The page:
Although the area to be forested is on state land, the Bedouin see it as belonging to them. At a demonstration in the Negev on Monday prior to the riots, Abbas endorsed the Bedouin view: “We stand united to protect the lives, property and rights of the Bedouin residents of the Negev. … It is their right to preserve their land, to live here and to earn a decent living from these lands. Whoever talks today about the environment, about the landscape of the area and comes to plant trees, we tell him … a tree is not more important than a human being.”
‘Acquiescence attracted a lot of political fire’
David Makovsky of the Washington Institute for Near East Policy told JNS that “there is a worthy effort by Israel to identify certain areas that should be registered so people do not live in permanent limbo. It is unclear if there will be a consolidation of these areas to avoid chaos.”
Still, he views Abbas as an improvement over other Arab-Israeli leaders. “Unlike those rivals, Abbas is not challenging the Jewish character of the State of Israel. He made a historic statement at a recent public conference saying the character of the state will remain Jewish. This acquiescence attracted a lot of political fire within the Arab sector, but he did not back down.”
Kahn, however, said Abbas and his party have “made things worse for everyone”—both the state and the Bedouin—by demanding the legalization of illegal settlements and structures. She said that the Bedouin may benefit in the short term by having their illegal encampments recognized but lose out in the long run because it’s impossible to build infrastructure after the fact.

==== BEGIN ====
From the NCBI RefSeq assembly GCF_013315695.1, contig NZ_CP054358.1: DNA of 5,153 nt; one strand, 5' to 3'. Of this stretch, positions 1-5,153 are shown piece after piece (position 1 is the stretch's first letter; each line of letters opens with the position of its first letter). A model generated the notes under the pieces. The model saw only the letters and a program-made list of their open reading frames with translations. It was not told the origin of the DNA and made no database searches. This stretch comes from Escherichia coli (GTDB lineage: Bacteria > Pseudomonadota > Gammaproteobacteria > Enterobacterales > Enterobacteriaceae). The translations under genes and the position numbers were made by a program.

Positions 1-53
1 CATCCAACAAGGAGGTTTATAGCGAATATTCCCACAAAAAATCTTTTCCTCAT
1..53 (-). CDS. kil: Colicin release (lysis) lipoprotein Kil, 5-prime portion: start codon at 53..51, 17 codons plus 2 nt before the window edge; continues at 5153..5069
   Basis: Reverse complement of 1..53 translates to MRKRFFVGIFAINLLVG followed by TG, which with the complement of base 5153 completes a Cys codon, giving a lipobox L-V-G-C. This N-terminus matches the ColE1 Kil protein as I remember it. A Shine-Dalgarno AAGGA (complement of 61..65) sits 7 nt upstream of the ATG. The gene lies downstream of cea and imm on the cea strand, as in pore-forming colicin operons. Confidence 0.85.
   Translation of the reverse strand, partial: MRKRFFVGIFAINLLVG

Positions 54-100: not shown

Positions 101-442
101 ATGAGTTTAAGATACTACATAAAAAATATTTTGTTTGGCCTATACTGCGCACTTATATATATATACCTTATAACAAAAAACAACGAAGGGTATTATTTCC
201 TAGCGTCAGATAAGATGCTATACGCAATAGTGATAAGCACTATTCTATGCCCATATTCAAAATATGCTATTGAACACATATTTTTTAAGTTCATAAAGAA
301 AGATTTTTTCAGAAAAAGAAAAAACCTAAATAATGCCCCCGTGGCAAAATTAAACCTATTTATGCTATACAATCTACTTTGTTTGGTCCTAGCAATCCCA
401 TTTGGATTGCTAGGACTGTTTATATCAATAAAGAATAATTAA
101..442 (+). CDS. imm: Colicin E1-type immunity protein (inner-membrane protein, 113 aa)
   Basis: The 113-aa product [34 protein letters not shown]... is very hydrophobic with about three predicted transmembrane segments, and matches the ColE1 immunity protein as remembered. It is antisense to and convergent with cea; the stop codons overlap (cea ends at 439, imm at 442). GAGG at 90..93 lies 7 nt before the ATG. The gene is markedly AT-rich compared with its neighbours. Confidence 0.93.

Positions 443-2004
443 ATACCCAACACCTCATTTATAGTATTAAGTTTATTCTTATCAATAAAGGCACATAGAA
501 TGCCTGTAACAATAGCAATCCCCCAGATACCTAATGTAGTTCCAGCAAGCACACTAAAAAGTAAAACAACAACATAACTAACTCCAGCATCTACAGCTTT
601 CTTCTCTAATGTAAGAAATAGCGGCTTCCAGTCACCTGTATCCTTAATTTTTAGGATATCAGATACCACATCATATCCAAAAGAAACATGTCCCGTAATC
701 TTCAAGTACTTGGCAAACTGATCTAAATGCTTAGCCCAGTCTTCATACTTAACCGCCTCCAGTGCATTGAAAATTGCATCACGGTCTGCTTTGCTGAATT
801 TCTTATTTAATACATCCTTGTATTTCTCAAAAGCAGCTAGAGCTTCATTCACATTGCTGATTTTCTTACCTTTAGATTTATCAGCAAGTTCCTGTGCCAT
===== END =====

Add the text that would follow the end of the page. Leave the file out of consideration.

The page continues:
May said that in order to solve the problem, a way has to be found to bring the Bedouin into the Israeli system. He acknowledged that it’s “a pretty complex question of how that can be done, especially because Israel as a state has an issue with people building without permits on land that they don’t have a claim to. … It’s always going to be a problem unless there’s a major overhaul to revise the discrepancy between the two different perceptions of property rights.”
He declined to forecast whether Israel’s new forest will take root. He noted that in 2013, large protests took place against Israel’s Prawer Plan to relocate Negev Bedouin. The plan was eventually scrapped. “If we’re talking about how this might go, that’s probably the most direct example of how Israel’s foresting plan will end up,” he said.
Kahn was more blunt. “From what the government has done up till now, it doesn’t look good,” she said, and even less so for new communities. “There are approved plans for new communities—for Jewish communities—in the Negev. They have been shelved over worries about the Bedouin and illegal construction.
“While the Jewish communities are in limbo, the very first thing that this government did was to approve new Bedouin communities—essentially legalizing illegal construction,” she stated. “It’s certainly a double standard, I would say, a tragic double standard.”